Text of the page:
Coffee Month: French Press Basics

Bonjour Maximus French Press

The Bonjour Maximus French Press, 8 Cup Model

With the calendar turning to April, we’re turning our attention to a true classic  – coffee! Each week in April, on the blog and in our in-store demos, we’ll be featuring a different aspect of the delicious beverage that makes the world work.

First up,  the French Press. It’s easier to confuse the origins of the efficient gadget than you may think. While the French press was actually first patented in 1929 by Italian designer Attillo Calimani, versions began popping up in 1850’s France (hence the name). So yes, the French can be counted on for more exports than wine and Brie.

Many coffee purists swear by the design and function. Because the grounds remain in contact with the water during the brewing process (in contrast to the relatively brief contact made when water drips through the coffee and paper filter on a drip machine), more of the oils and flavors are extracted, thus producing a richer, bolder cuppa’ joe.   You have a lot more control over the flavor of French press coffee too – much like tea, it can be left to “steep” longer, producing a stronger brew. Just don’t steep it too long or you’ll be left with rocket fuel!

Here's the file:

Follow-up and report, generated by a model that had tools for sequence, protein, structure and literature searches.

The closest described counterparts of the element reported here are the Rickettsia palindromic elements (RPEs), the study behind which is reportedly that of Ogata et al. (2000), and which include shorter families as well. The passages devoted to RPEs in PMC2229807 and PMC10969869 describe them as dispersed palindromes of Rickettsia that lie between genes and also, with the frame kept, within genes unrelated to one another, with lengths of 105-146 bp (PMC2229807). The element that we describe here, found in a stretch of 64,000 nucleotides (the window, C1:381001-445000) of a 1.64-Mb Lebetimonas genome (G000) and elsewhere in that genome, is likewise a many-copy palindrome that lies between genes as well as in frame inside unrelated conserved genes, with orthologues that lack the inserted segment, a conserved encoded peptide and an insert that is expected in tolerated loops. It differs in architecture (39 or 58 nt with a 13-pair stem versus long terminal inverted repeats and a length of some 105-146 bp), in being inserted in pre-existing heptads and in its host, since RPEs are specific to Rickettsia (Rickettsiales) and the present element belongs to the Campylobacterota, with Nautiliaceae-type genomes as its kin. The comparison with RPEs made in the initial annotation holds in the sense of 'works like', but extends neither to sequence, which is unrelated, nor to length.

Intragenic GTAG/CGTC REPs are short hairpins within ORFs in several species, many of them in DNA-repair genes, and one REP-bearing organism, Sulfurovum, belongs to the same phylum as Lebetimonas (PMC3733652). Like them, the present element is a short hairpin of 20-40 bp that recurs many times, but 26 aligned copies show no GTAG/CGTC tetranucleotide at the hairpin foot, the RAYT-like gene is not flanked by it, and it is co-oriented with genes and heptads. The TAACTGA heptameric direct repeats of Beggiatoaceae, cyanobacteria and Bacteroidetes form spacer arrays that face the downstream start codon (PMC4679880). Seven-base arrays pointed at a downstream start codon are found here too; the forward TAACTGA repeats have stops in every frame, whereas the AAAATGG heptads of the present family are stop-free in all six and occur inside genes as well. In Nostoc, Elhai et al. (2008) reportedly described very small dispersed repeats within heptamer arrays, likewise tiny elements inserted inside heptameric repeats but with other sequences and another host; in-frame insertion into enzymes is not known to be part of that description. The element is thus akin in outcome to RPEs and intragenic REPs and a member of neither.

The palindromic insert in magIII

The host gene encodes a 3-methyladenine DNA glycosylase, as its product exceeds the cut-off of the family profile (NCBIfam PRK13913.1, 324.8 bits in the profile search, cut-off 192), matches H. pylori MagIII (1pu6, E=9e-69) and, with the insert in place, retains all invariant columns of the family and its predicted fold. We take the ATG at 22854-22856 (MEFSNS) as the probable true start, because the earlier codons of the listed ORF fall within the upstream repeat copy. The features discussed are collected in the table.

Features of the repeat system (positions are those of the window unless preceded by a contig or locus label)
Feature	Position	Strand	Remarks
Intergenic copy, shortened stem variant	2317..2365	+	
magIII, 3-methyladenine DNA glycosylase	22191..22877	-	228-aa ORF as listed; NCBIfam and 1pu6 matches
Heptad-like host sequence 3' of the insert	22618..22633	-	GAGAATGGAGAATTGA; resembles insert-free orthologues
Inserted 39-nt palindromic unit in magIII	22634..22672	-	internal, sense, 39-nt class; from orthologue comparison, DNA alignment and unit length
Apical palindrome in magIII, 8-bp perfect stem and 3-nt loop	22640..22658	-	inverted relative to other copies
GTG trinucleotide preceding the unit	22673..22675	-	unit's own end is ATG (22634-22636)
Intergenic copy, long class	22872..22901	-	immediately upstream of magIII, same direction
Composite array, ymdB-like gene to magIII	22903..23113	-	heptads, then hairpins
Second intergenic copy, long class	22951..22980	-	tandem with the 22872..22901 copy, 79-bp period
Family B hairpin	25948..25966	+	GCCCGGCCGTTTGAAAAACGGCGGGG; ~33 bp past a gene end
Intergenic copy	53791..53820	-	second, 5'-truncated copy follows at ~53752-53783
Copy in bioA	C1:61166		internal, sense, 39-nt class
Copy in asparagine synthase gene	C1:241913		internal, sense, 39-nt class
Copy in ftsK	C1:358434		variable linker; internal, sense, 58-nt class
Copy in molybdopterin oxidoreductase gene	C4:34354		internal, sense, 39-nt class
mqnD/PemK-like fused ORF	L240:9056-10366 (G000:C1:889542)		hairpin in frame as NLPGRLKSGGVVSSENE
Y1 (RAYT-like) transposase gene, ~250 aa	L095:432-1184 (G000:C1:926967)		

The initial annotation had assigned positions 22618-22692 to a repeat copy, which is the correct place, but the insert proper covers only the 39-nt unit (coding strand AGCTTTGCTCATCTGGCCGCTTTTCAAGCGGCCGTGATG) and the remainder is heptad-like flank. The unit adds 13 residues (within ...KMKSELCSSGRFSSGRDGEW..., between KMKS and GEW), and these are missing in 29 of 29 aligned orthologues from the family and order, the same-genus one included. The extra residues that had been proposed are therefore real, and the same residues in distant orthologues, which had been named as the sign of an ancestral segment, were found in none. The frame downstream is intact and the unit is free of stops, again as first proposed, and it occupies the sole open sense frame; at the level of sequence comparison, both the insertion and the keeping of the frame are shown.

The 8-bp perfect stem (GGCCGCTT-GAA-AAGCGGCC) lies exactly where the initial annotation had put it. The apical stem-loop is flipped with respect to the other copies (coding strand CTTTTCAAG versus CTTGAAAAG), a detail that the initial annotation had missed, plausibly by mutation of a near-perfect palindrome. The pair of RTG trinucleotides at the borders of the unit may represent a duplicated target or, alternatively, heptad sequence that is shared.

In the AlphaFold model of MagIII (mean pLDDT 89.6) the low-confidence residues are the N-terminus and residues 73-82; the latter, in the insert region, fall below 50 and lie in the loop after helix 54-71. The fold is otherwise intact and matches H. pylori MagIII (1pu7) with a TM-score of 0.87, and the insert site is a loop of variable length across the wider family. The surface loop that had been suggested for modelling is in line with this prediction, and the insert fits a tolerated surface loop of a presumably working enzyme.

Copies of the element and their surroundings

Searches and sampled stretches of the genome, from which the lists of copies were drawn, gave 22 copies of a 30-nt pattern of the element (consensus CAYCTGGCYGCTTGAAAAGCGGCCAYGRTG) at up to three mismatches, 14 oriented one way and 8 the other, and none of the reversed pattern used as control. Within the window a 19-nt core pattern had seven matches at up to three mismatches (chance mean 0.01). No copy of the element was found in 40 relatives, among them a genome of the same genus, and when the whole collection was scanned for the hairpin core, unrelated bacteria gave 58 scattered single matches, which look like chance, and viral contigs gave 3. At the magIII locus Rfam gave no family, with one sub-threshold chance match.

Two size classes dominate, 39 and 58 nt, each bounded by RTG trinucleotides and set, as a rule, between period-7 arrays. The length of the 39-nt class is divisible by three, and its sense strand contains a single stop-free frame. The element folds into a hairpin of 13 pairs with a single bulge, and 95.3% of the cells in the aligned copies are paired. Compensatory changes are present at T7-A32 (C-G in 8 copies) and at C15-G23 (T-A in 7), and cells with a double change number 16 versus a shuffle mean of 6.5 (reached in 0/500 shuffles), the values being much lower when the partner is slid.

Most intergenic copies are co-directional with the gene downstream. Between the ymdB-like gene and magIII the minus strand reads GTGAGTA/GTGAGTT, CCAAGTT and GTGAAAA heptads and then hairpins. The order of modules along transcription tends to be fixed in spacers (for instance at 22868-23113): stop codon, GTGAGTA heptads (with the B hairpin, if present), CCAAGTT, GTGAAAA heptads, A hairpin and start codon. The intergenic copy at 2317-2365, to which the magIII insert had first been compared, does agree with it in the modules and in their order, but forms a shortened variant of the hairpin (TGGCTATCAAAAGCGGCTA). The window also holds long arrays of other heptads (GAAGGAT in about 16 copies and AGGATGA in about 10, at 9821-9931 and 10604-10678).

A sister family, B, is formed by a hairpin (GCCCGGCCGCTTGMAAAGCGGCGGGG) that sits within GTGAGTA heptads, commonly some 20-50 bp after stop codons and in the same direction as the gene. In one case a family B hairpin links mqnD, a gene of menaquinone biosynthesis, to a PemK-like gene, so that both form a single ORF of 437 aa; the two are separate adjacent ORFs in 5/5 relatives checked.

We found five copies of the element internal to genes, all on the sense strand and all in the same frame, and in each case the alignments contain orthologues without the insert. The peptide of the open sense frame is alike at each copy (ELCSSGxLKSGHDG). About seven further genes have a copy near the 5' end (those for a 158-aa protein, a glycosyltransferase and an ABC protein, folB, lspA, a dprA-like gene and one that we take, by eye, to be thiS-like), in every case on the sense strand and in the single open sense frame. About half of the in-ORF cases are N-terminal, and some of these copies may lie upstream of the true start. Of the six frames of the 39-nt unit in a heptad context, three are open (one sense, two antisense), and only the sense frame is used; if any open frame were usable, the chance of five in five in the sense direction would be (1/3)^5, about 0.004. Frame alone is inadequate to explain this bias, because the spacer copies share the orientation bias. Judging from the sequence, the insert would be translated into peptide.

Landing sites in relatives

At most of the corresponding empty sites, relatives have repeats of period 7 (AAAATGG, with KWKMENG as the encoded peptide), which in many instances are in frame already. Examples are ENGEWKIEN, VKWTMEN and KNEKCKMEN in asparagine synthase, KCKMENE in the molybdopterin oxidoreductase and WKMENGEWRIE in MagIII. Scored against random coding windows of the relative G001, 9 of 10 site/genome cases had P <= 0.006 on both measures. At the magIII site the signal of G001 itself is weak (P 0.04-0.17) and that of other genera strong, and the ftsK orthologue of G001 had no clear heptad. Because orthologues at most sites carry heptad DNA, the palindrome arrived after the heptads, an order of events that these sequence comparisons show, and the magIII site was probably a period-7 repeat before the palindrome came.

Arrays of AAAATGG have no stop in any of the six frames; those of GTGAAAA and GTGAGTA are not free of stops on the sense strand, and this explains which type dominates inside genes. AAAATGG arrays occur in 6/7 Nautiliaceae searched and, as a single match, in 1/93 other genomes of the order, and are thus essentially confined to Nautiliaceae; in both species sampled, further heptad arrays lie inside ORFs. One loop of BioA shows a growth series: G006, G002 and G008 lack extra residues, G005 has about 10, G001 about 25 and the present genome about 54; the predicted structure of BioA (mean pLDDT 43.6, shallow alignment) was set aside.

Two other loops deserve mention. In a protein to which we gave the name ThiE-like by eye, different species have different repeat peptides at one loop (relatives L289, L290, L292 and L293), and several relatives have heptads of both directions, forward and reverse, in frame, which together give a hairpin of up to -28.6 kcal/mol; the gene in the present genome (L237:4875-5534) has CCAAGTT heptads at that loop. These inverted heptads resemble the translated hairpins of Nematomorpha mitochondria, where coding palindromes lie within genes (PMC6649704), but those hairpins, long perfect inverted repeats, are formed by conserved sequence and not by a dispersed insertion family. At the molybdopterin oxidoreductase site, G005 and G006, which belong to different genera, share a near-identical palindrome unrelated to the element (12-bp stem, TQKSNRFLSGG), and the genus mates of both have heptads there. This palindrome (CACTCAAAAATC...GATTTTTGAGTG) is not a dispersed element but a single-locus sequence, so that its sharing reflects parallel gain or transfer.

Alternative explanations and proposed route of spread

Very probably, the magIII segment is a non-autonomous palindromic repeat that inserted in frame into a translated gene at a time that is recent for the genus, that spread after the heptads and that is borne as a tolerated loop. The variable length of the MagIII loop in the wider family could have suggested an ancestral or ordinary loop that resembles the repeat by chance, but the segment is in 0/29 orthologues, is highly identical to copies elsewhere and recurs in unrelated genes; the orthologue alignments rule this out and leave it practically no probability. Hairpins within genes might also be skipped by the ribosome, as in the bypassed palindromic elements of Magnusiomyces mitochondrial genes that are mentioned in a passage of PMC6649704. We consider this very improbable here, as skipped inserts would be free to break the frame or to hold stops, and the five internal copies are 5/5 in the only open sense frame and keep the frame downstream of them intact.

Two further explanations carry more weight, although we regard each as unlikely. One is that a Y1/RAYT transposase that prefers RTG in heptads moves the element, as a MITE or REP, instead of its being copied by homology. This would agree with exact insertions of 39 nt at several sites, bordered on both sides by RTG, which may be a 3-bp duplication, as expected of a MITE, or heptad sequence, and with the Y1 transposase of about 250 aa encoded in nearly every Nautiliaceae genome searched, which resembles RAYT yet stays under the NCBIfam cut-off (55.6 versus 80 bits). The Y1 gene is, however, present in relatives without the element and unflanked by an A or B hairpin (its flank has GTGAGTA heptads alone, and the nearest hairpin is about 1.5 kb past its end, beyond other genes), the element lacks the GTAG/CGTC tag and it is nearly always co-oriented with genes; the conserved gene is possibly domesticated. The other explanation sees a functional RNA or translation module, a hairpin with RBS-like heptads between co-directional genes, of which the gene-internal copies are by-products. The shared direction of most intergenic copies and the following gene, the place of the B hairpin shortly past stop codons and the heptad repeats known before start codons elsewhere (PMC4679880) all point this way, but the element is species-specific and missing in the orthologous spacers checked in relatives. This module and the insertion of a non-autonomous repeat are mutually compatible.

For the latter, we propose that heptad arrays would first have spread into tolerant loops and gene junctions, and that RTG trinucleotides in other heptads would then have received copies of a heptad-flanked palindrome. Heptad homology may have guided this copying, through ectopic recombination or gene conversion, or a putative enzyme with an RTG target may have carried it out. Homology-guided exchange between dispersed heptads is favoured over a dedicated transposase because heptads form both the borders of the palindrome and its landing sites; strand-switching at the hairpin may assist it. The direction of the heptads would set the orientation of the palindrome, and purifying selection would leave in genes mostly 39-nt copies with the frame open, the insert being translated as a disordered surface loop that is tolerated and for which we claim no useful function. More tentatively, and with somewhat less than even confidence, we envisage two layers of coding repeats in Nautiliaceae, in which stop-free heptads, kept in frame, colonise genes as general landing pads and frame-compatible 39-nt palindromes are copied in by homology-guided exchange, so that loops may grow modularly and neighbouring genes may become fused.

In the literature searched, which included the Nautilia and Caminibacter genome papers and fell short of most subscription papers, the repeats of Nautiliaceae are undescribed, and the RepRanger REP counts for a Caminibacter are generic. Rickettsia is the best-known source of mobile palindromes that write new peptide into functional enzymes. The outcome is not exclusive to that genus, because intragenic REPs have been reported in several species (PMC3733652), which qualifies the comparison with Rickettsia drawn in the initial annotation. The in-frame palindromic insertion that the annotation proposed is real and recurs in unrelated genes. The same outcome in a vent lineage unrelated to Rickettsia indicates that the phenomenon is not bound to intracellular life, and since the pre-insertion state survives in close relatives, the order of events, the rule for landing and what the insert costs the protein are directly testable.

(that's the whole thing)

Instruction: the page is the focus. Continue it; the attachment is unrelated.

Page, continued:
If you’ve never used one before, the French press is very easy to use. Remove the plunger unit and pour coarsely ground coffee into the coffeemaker, then fill it up with hot water. Let the grounds steep for two to five minutes, depending on how strong you like it. Then replace the plunger and push it down slowly to the bottom to trap the grounds. All that’s left is to pour and enjoy!
As with every kitchen tool, you should experiment to get the flavor that you want. But here are a few tricks we’ve learned to help us get a perfect cup:

First and foremost, always measure coffee and water accurately and consistently. (This is true no matter how you brew!) We recommend using 1 tablespoon of coffee for every 4 oz of water, but again, you should experiment to figure out what you really like.